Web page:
Film festival competition returns
By Jake Cassaday - Staff Reporter
If you've ever aspired to be the next Stephen Spielberg, your first step might be the second annual Highline Film Festival.
The competition is right around the corner, requires no experience to compete or win, and can land some cash in your pocket.
With a first place prize of $250 and lesser amounts for runner up and third place, Susan Rich, an english instructor and the film festival co-director said, "anyone can make an appearance and take home first place."
Submissions are due on Jan. 26, 2018. The festival itself will be on Feb. 14. Entrants can submit their projects through a customized canvas page.
The theme for this year's film festival will be transformation (change). Each group working on submissions must have at least one person actually registered as a student at Highline.
The Highline Film Festival was conceived as an official organized event of the Film Club years ago at Highline. It was conceived to inspire students to step out of their comfort zones and exhibit their projects and videography.
Last year was the first official festival competition. The winner last year, Kelsey Par, had zero experience making videos and her victory inspired her to pursue a career in videography. She now works in California helping organize commercials for television.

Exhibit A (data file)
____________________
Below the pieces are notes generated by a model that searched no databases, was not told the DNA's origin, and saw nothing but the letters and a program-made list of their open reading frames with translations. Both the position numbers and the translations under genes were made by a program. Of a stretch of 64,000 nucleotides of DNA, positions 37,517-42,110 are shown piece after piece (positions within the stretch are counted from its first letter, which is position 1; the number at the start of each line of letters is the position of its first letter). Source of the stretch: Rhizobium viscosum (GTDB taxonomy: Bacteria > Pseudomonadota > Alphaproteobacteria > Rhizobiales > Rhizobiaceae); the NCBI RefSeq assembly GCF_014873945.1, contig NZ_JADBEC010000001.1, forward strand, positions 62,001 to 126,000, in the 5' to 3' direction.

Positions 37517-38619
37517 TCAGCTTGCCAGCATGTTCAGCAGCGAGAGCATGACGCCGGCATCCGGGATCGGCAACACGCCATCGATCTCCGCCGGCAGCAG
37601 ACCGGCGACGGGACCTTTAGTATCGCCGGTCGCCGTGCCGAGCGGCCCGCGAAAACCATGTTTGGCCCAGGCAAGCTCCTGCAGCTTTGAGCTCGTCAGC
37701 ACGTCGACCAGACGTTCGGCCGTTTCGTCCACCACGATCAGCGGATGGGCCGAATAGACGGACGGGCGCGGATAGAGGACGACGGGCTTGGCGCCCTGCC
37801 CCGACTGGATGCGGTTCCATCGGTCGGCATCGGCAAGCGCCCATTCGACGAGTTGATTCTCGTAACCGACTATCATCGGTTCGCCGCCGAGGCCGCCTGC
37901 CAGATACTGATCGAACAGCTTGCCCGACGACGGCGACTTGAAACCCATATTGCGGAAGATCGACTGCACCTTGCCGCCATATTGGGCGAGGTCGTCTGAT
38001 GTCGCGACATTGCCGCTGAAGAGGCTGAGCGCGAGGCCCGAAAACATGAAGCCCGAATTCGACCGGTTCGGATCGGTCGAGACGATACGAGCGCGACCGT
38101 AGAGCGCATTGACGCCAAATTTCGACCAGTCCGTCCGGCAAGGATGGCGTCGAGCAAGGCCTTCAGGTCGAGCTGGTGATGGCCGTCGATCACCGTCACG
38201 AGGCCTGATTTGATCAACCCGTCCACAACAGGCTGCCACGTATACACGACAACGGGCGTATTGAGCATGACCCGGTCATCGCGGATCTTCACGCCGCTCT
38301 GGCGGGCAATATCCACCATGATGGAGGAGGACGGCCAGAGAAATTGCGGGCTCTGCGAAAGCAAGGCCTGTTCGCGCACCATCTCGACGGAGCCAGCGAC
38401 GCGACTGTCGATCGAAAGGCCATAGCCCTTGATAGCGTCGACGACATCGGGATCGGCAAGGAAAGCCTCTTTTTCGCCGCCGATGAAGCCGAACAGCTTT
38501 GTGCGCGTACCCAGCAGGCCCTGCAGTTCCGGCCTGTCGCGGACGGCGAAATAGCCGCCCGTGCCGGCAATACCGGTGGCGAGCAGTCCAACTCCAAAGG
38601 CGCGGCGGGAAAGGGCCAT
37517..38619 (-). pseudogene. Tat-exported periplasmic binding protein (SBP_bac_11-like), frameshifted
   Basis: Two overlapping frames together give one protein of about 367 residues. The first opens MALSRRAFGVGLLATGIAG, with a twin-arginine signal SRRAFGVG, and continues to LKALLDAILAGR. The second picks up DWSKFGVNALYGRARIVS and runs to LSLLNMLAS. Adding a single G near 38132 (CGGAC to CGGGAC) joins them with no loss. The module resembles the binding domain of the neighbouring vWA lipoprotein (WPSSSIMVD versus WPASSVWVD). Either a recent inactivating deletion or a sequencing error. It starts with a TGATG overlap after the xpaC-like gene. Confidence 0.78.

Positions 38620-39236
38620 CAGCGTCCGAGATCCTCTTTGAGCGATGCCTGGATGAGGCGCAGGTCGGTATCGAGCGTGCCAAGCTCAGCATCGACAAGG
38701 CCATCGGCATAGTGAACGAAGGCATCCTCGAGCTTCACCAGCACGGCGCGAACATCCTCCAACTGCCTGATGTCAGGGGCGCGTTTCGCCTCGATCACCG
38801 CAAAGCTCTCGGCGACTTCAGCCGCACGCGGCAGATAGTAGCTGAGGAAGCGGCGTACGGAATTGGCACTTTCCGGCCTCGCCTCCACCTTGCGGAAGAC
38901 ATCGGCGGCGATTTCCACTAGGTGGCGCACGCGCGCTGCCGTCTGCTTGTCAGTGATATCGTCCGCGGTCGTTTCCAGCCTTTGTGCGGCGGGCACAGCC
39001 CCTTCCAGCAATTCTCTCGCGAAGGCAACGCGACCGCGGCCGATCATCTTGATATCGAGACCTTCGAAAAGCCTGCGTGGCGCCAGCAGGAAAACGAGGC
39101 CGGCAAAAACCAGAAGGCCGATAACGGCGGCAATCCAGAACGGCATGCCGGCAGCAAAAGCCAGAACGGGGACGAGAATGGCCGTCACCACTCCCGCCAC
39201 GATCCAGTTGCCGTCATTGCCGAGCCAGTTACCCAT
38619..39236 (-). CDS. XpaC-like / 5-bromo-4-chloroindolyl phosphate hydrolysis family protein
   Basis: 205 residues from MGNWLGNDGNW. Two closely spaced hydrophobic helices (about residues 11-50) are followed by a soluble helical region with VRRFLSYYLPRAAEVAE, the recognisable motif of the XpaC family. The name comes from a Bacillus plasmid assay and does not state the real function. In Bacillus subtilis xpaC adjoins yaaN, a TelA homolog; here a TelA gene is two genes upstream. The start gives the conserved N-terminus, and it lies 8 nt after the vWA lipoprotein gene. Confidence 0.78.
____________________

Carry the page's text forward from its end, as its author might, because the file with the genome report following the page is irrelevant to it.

Students will be given a topic to film about. They're given a specific time window in which they have to make the film, and the videos must be two-and-a-half to eight minutes long. Films are typically collaborations with multiple students, although contestants can also take the solo route.
Rich said she is extremely excited for this year's competition.
"It's open to anyone, and last year we had a great turnout of an audience and over a dozen competitors," Rich said.
Sean Puno, a project manager in the Arts and Humanities Division, said he's most excited for this year's festival because of the "tech opportunities that are more available to students this year with the brand new Mac computers that we got."
"[The Macs] are faster and more reliable than the old computers we had last year," he said. "Our new cameras are 4K and always getting better."
Puno said he expects a lot more participation this year because of the impression made by last year's festival.
"The goal is to bring these kids into a community and showcase their creativity through film. By the fourth or fifth annual film festival, it'll be huge," Puno said.